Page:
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Coke on rust?

Old 06-01-18, 04:19 AM
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Wozza2014
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Coke on rust?

Hi.

Is Coca Cola still good for getting rid of rust on steel. I'm thinking of leaving my rear brakes in Coke over the weekend, they are pretty badly rusted. Is there anything better that can do the job?

Cheers.
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Old 06-01-18, 05:26 AM
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No, don't use coke. Lots of threads on that topic here. You can search with the forum search tool, or use google like this: "remove rust site:www.bikeforums.net".
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Old 06-01-18, 08:08 AM
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vinegar is deffo better than coke, coke doesn't work...well. hardly removes anything

but there's a product i do recommend, saves any scrubbing - metal rescue

Last edited by le mans; 06-01-18 at 08:16 AM.
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Old 06-01-18, 09:21 AM
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I use Evaporust -- I find that does a tremendous job of removing rust. Rusty metal turns into a dark gunmetal grey. If it's rusted chrome, pitting will still be present (it doesn't actually restore chrome), but any rust is either removed or made super easy to scratch off.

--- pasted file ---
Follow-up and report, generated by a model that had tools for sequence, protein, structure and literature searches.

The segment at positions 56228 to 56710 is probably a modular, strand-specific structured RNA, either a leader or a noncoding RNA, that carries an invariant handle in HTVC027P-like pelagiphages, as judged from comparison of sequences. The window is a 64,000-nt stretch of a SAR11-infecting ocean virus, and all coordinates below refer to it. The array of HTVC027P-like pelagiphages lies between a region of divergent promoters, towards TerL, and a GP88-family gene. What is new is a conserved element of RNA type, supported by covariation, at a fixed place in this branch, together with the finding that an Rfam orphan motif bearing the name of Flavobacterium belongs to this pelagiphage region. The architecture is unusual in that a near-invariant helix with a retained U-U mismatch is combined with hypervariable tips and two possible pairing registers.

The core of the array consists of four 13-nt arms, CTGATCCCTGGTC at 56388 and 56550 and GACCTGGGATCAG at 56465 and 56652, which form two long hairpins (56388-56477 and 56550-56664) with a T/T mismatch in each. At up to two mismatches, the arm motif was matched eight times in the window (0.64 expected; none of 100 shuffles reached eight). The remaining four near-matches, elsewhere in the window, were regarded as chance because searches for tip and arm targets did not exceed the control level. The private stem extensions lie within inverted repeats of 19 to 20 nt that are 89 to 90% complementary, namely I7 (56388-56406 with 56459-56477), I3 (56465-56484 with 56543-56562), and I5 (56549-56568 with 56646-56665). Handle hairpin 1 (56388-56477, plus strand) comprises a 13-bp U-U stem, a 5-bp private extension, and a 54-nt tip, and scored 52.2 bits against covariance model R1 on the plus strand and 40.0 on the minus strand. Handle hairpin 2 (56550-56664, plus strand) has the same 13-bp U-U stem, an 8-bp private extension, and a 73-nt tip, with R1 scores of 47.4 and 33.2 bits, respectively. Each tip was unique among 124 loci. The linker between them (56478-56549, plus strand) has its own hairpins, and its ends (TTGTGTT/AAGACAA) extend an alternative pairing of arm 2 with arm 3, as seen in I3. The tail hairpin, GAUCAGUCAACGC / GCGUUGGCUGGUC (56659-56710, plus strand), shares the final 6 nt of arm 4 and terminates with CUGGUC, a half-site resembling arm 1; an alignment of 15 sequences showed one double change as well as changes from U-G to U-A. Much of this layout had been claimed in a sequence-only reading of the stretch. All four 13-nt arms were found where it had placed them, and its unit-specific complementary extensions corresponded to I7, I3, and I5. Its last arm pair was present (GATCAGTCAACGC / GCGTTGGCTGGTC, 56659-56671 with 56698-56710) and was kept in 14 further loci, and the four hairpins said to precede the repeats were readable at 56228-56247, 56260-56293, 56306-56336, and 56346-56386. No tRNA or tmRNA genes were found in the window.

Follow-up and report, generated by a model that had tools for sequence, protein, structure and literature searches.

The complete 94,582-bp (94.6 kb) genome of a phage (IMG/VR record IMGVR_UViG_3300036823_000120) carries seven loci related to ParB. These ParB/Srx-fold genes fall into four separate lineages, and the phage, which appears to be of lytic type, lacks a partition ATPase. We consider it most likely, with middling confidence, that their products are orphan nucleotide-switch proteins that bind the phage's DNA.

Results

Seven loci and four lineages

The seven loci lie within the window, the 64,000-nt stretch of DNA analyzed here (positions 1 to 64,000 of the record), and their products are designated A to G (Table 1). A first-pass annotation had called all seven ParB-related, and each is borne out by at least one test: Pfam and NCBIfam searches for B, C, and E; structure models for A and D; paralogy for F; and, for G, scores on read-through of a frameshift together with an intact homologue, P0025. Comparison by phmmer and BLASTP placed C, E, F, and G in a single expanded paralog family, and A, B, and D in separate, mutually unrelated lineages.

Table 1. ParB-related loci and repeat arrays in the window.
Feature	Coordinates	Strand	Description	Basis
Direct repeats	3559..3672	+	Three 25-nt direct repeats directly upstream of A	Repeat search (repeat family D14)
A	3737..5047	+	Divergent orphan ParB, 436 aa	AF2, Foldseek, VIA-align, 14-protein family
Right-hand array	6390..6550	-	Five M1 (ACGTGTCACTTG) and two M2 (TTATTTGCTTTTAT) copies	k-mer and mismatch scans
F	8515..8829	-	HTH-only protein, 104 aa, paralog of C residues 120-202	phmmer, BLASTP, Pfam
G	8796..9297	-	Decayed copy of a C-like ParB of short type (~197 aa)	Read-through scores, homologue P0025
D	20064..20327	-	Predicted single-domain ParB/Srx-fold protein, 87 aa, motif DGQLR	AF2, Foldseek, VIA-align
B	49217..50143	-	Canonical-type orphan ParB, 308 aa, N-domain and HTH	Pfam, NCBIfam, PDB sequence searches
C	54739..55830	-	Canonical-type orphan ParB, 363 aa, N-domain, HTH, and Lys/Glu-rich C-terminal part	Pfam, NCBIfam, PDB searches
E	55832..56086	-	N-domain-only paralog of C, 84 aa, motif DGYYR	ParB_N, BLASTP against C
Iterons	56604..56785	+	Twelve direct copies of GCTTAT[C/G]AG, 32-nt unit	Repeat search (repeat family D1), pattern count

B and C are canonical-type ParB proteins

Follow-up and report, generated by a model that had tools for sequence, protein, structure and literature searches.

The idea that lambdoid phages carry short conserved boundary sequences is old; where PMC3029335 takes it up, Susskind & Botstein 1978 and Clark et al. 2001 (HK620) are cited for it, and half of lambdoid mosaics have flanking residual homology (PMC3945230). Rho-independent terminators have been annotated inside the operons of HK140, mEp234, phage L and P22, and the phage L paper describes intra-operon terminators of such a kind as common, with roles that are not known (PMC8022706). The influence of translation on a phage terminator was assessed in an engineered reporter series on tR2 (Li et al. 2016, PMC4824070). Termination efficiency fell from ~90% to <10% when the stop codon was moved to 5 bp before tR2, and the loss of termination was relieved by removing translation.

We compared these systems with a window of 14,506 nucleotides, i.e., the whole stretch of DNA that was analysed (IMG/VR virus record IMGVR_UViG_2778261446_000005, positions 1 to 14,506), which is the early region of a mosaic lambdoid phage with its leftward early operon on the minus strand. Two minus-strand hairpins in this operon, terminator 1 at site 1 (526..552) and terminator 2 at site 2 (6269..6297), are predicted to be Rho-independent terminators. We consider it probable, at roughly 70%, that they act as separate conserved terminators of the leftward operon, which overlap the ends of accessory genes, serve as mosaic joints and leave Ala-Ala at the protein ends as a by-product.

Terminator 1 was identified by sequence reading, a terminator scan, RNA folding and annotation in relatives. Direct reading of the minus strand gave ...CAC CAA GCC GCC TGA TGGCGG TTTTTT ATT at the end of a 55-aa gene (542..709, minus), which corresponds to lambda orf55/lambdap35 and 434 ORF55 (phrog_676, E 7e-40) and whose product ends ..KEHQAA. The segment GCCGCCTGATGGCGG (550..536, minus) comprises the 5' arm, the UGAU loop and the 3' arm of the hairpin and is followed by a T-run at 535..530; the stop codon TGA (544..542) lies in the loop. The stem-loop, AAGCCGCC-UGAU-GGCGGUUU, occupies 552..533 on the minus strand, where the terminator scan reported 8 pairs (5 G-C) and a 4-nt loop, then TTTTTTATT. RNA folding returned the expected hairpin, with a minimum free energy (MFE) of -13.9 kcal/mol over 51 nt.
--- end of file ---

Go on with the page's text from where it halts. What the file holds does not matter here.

I should have taken before and after pictures of a set of MAFAC Racers I cleaned up this week. The aluminum was fairly oxidized (dull-looking) and all of the steel parts were covered with rust. The chromed bolts were pretty clean already, but everything turned out great.
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Old 06-01-18, 10:25 AM
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I use Evaporust

I would have bought that stuff but around here [in oz] they want about $90 for a 5 LTR bottle, what is it..liquid gold?! lol
so shopped around and managed to get a 5 LTR container of Metal Rescue for $50, some say it's tops! even better than Evaporust
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Old 06-01-18, 11:18 AM
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What sort of brakes do you have? Are you sure that they are steel.
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Old 06-01-18, 12:19 PM
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Barkeeper's Friend is a cheap source of rust dissolving oxalic acid.
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Old 06-01-18, 12:25 PM
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So vinegar would be better? White or brown?
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Old 06-01-18, 12:26 PM
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Originally Posted by Hoopdriver View Post
What sort of brakes do you have? Are you sure that they are steel.
They are old school Raleigh 3 speed brakes. Old fashioned.
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Old 06-01-18, 12:36 PM
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Originally Posted by Wozza2014 View Post
So vinegar would be better? White or brown?
lol

anything with the highest acidic %'age!

i bought a bottle of white distilled vinegar ages ago to try for seized seat/stem posts and found it was useful to soak rusty bits, spokes especially!
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Old 06-01-18, 12:59 PM
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Old 06-01-18, 02:11 PM